THE Scottish Muslim Awards have severed ties with a hotel due to host their event after it welcomed the Israeli women’s football team as guests.

The Macdonald Inchyra Hotel near Falkirk was due to host the annual awards on September 28.

However, organisers said they would be choosing a new venue after learning that the Israeli women’s football team had stayed there as guests ahead of their Euro 2025 qualifier against Scotland at Hampden Park last week.

The qualifier was played behind closed doors due to concerns about disruptive protests.

Indeed, during the match hundreds gathered outside the stadium waving Palestine flags and banners demanding an immediate ceasefire in Gaza.

READ MORE: Police charge 24-year-old over protest at Scotland v Israel match

A 24-year-old man was also arrested and later charged after he appeared to chain himself to one of the goalposts, delaying kick-off by around 45 minutes.

The Israeli team then held up a t-shirt which read “Bring Them Home” during the official team photographs – a reference to the hostages taken by Hamas during the October 7 attack.

Scotland won the match 4-1.

More than 35,000 people have been killed in Gaza since Israel began bombarding the Palestinian territory in the immediate aftermath of the Hamas attack.

A spokesperson for the Scottish Muslim Awards said they could not support a venue which legitimised “genocide on the people in Gaza”.

“It is with great disappointment we have to find a new venue for the Scottish Muslim Awards 2024 - an event to recognise the achievements and talents of Scottish Muslims, to overcome the proliferation of Islamophobia, by identifying role models from across all sectors, for a new generation,” they said.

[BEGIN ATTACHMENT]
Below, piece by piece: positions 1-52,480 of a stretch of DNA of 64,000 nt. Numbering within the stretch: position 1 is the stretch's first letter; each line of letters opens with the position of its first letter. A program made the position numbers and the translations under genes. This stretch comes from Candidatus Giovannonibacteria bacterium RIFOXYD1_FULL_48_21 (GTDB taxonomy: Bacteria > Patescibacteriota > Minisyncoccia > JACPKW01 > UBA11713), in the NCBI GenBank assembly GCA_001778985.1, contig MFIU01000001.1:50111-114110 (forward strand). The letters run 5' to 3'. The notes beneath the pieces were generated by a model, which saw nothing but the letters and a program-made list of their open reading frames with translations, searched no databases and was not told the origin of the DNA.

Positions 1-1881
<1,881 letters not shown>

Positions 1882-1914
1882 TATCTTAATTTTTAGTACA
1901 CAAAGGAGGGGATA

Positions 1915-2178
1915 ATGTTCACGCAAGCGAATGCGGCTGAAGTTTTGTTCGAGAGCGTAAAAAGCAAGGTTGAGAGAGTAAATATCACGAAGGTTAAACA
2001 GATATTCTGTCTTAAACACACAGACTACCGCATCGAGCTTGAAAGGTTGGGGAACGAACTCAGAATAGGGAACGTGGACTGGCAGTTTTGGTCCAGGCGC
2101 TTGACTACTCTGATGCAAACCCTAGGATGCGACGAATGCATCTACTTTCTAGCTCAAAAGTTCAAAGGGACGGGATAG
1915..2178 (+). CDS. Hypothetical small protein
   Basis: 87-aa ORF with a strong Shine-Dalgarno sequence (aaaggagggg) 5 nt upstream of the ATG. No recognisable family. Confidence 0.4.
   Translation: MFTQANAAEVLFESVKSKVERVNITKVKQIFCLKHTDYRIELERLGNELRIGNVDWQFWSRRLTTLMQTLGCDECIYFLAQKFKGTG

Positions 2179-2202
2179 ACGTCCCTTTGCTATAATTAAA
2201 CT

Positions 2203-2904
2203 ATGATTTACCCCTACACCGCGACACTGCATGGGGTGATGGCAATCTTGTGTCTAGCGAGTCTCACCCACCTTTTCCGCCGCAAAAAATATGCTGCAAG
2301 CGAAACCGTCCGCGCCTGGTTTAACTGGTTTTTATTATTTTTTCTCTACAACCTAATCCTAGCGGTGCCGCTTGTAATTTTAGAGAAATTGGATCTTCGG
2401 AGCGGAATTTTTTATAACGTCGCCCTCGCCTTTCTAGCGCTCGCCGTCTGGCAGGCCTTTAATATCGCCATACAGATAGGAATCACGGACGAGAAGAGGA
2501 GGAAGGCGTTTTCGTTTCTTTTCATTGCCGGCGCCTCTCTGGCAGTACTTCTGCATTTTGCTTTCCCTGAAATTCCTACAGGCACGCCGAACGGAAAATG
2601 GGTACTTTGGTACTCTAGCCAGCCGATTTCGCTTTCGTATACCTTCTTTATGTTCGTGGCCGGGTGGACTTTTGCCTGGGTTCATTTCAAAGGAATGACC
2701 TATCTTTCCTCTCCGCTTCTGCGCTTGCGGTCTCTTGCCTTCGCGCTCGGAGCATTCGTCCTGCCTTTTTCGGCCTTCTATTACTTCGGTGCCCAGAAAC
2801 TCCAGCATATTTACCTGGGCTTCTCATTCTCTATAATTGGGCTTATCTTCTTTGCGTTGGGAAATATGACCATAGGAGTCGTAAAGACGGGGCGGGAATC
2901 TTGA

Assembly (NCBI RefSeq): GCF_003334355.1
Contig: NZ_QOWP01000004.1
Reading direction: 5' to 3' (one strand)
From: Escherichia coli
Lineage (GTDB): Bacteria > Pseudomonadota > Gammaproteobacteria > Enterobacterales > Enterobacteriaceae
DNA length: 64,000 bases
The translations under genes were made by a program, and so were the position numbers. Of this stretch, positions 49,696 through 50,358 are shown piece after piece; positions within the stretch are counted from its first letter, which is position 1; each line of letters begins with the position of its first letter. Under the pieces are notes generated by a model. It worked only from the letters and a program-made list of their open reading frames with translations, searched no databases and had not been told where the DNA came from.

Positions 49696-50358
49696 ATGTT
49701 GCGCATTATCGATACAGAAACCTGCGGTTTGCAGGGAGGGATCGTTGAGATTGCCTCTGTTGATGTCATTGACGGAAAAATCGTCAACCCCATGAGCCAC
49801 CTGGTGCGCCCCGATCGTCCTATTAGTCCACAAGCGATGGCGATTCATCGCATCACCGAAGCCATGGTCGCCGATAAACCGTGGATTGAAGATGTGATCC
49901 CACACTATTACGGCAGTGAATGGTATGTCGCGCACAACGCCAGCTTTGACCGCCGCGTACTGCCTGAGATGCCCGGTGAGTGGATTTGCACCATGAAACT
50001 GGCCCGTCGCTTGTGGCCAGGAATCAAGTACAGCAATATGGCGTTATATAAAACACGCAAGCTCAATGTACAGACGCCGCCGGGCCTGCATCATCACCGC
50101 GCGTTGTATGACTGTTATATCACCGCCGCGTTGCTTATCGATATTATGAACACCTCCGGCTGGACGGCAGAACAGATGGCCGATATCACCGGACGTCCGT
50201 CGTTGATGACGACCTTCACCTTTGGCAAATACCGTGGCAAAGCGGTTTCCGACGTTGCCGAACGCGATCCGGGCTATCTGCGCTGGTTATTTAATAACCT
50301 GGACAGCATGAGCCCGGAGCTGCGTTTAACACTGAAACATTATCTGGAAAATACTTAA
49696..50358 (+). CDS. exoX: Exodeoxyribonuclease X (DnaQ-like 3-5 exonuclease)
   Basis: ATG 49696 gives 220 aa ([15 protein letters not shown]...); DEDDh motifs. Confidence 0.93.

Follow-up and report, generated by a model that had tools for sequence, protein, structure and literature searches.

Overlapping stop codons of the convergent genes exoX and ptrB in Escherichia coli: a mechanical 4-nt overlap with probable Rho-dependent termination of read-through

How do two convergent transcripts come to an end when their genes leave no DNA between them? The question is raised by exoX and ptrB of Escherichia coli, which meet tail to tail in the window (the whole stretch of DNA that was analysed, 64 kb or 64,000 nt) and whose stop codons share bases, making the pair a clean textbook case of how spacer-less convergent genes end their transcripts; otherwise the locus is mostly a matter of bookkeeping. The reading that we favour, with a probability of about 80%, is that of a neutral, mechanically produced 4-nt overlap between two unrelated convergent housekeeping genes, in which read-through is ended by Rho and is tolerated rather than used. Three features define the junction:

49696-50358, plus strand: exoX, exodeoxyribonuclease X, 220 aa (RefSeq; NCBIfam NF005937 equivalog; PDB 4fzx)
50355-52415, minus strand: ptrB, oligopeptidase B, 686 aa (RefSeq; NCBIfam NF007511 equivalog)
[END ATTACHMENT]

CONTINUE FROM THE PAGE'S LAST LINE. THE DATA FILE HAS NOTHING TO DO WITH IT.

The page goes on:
The National:

"However, we could not host it at a venue which chooses to legitimise the ongoing genocide on the people in Gaza. So, for that reason, we will be choosing a new venue.

“Choosing to host a national sports team of Israel, whilst its government continues the horrific and illegal slaughter of families in Gaza, is not acceptable and not in line with the values of the Scottish Muslim Awards.

“Therefore we will choose a venue which is in closer alignment with the spirit of the awards.

“The awards are still going ahead and we are more determined than ever to recognise and celebrate the great, the good and the amazing, from the pool of talent across Muslim communities in Scotland.

“We will confirm a new venue and date in due course. We call on everyone, Muslim and non-Muslim, Scottish and not Scottish, to do whatever they can to stand in solidarity with the people of Gaza.”

READ MORE: Glasgow: Number of Orange parades questioned at council committee

Last Friday, the day following Scotland’s match against Israel, two protesters staged a demonstration outside the Macdonald Inchyra Hotel with a loud hailer.

They were asked to move on by police officers who said “the hotel doesn’t want you on their land”.

A video of the incident showed protesters arguing with officers, who said they were alerted to concerns of “some sort of disorder”.

“There is no sign of disorder,” said one protester.

“As far as I understand, it is private property with a presumed right of public access, the public can wander in and out at will and we have political rights to free speech here."

An officer then asked the protesters to move to the other side of the road, claiming it was a “question of public safety”.

A protester replied: "There is no issue of public safety. It is a screwed up world when you come and protest against genocide and [are] impeded by Police Scotland."

A Police Scotland spokesperson said: “Officers attended planned protests at a business premises in Grangemouth on Thursday, 30 May, 2024 and Friday, 31 May, 2024.

"The group dispersed and there were no arrests.

“We continue to engage with those organising demonstrations to ensure rights to peaceful assembly and protest are protected while minimising disruption to communities and businesses.”